“Bangs,” A Poem About Women’s Hairstyles, Ernest Harte, 1883, NC

year 1883

May 24, 1883 (The Commonwealth, a newspaper of Scotland Neck, NC, 3d page)

[For The Commonwealth.]


By Ernest Harte

There are some handsome gentlemen,
But not without their fangs,
Who ventilate their little wits
On females wearing bangs.

And while these handsome gentlemen
Are “banging” all the girls,
They never say a single word
About their hidden pearls.

Well now, why don’t these gentlemen
Just practice what they preach,
And by their good example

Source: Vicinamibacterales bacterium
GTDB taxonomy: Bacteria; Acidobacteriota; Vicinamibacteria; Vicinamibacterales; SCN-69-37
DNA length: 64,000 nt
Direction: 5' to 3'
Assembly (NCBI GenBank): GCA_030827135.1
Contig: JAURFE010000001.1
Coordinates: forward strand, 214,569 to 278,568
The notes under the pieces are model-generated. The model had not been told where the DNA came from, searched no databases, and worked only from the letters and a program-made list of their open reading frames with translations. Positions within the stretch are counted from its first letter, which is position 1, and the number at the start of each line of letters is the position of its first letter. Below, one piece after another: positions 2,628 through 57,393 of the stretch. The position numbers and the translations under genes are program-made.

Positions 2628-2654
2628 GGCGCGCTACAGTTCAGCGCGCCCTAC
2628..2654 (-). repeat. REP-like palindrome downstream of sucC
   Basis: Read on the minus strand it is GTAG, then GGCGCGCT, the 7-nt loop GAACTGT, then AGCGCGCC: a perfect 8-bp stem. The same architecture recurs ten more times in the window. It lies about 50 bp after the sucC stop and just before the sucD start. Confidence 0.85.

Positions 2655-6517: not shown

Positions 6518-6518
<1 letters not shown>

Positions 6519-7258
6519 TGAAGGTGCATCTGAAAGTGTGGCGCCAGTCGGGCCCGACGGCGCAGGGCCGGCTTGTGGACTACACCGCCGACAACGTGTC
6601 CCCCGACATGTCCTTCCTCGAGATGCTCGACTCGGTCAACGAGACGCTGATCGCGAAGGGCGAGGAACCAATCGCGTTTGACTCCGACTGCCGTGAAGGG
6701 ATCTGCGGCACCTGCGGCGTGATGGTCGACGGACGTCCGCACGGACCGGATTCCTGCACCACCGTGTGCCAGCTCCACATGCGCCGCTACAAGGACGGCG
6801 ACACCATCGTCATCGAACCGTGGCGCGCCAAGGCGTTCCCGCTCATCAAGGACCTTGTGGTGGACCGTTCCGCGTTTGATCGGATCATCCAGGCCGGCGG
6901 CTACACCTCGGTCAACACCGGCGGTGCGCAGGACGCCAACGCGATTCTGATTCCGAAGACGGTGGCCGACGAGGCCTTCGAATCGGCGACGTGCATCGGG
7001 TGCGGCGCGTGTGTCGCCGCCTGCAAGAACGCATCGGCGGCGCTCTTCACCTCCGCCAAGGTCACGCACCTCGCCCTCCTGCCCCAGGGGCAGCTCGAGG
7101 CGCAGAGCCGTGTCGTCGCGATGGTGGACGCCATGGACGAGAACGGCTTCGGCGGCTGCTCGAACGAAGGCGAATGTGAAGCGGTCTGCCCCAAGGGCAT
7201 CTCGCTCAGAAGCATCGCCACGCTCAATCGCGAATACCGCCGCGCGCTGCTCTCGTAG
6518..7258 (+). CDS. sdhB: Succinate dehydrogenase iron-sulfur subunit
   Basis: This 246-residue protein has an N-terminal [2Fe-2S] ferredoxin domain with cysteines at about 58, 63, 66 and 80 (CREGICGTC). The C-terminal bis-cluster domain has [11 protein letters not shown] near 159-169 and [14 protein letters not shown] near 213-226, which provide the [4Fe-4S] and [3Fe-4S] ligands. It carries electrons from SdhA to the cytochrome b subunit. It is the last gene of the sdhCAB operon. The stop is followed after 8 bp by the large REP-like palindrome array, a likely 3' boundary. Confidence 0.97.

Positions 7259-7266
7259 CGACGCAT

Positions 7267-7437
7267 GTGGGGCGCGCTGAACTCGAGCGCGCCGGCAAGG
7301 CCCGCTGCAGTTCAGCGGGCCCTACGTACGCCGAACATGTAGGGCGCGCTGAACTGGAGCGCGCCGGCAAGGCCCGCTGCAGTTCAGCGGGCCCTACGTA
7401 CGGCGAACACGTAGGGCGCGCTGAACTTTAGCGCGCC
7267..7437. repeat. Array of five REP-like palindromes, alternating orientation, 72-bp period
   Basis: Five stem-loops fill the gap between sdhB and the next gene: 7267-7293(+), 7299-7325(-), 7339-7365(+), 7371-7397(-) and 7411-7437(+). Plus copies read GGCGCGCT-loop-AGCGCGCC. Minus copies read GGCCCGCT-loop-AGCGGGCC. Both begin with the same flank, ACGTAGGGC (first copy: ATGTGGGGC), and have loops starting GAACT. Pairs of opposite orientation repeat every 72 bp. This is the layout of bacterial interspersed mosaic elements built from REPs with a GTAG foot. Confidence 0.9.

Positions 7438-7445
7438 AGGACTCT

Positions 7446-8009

A wholesome lesson teach?

But, alas! indeed, ‘tis often
The chestnut locks we find
Steal softly o’er the placid brow
Of nearly all mankind.

But remember this, fair daughters,
It’s always been the fashion
For might lords to vent their rage
On you, in every nation.


[A quick search did not reveal any information on the identity of the author. Of course, the name might be a pseudonym–someone having an “earnest heart.”]



About Kindra

Executive Director for Quaker House, bringing a little bit of peace through counseling and support to military members and their families.
This entry was posted in Family History, Poetry, Social Commentary, Women and tagged , , , , , . Bookmark the permalink.

2 Responses to “Bangs,” A Poem About Women’s Hairstyles, Ernest Harte, 1883, NC

  1. I have a feeling we have some different connotations and maybe denotations for some words today . . . . Great find.

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